A speech sound disorder means difficulty with or a delay in speech development. There are different types of speech sound disorders, so you may hear any of the following: speech disorder, articulation disorder, speech delay, phonological disorder, childhood apraxia of speech, or speech impairment. These do not all mean the same thing, but they are all referring to a speech sound disorder.
Speech sound disorders are very common and, in most cases, there is no known cause – it is highly unlikely that anything you, your child, or another family member did (or didn’t do) contributed to your child’s speech sound development. Speech sound disorders are not due to your busy work schedule, your child being lazy, your parenting style, or their sibling who has a habit of speaking for them. Most babies and toddlers (about 90%) have an innate ability to start talking and producing speech sounds without any help. For the remaining 10%, explicit instruction using evidence-based techniques from a speech-language pathologist can help your child meet their communication milestones.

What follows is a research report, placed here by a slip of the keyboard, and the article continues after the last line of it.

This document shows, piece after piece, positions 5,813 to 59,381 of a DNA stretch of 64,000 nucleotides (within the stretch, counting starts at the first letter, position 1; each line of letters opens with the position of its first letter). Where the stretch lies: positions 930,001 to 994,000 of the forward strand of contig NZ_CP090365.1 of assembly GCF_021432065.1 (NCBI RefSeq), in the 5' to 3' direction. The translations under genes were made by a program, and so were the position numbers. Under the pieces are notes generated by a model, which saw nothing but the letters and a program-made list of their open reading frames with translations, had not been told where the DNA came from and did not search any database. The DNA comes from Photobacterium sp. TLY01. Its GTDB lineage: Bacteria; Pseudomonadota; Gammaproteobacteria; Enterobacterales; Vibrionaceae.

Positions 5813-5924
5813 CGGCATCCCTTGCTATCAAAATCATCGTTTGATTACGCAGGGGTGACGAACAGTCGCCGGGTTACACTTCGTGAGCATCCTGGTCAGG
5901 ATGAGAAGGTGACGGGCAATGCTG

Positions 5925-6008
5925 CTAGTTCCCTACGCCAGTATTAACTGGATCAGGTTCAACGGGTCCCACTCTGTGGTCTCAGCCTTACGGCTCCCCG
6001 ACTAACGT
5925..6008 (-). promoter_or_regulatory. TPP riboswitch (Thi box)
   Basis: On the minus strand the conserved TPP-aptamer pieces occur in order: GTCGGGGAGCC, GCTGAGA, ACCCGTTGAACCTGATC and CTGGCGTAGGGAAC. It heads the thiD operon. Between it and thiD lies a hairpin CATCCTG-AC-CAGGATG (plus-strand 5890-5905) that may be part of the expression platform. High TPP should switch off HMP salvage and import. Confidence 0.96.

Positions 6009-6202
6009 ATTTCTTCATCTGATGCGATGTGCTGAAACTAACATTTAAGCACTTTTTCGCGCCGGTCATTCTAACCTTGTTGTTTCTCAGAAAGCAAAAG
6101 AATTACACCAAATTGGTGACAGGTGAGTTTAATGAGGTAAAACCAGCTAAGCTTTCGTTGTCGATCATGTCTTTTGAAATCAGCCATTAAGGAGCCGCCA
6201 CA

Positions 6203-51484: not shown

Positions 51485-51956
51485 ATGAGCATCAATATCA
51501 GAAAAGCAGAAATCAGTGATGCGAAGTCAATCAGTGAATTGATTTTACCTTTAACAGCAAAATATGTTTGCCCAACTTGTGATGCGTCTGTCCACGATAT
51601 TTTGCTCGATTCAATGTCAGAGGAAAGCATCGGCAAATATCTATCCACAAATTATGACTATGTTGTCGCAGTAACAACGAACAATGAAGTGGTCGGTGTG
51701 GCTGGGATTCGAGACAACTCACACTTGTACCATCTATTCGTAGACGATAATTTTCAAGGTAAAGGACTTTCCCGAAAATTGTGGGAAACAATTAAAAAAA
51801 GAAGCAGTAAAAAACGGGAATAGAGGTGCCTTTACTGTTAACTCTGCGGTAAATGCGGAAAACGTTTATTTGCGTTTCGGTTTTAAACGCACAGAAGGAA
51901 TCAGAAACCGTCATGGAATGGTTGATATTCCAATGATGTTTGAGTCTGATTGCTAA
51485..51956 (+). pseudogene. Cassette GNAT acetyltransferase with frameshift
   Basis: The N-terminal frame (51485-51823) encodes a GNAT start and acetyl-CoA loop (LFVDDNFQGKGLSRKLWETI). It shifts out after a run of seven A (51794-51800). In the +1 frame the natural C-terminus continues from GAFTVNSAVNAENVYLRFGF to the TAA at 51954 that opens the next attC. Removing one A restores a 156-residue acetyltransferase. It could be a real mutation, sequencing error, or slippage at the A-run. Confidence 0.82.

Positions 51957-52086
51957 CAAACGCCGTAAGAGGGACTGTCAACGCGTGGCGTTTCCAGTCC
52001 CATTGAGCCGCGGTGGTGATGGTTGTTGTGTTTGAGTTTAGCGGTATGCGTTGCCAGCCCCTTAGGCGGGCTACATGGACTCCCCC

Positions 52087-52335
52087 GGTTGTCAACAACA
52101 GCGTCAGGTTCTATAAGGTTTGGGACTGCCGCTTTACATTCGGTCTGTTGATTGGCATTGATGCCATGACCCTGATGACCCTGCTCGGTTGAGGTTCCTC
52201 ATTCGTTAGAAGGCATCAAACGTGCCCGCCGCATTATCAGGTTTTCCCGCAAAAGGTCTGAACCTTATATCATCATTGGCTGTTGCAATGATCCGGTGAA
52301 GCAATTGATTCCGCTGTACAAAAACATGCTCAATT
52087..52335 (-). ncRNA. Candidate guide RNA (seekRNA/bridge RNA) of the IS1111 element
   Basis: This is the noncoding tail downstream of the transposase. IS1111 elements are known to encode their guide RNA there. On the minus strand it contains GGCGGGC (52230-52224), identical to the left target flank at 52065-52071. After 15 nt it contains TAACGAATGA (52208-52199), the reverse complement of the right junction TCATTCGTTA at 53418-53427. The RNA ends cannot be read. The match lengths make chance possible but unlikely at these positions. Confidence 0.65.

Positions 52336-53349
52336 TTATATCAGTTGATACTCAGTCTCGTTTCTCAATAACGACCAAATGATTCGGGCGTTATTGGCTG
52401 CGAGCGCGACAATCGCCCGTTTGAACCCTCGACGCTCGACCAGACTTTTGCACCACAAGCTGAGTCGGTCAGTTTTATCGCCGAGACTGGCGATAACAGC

Your child may have a speech sound disorder if they are:
You might be wondering how to determine whether your child’s speech development is typical. The best way to find out is to speak with a speech-language pathologist (SLP). SLPs are highly-trained clinicians who specialize in assessing and treating speech sound disorders. Two ways that SLPs measure speech skills are by tracking the sounds a child produces and calculating their ability to be understood by people outside of the immediate family. Below are general guidelines for typical speech skills by age:
A speech-language pathologist (SLP) specializing in pediatric speech and language disorders is the best professional to answer your questions about your child’s communication development. You can book a free consultation with one of our SLPs that specializes in speech sound development.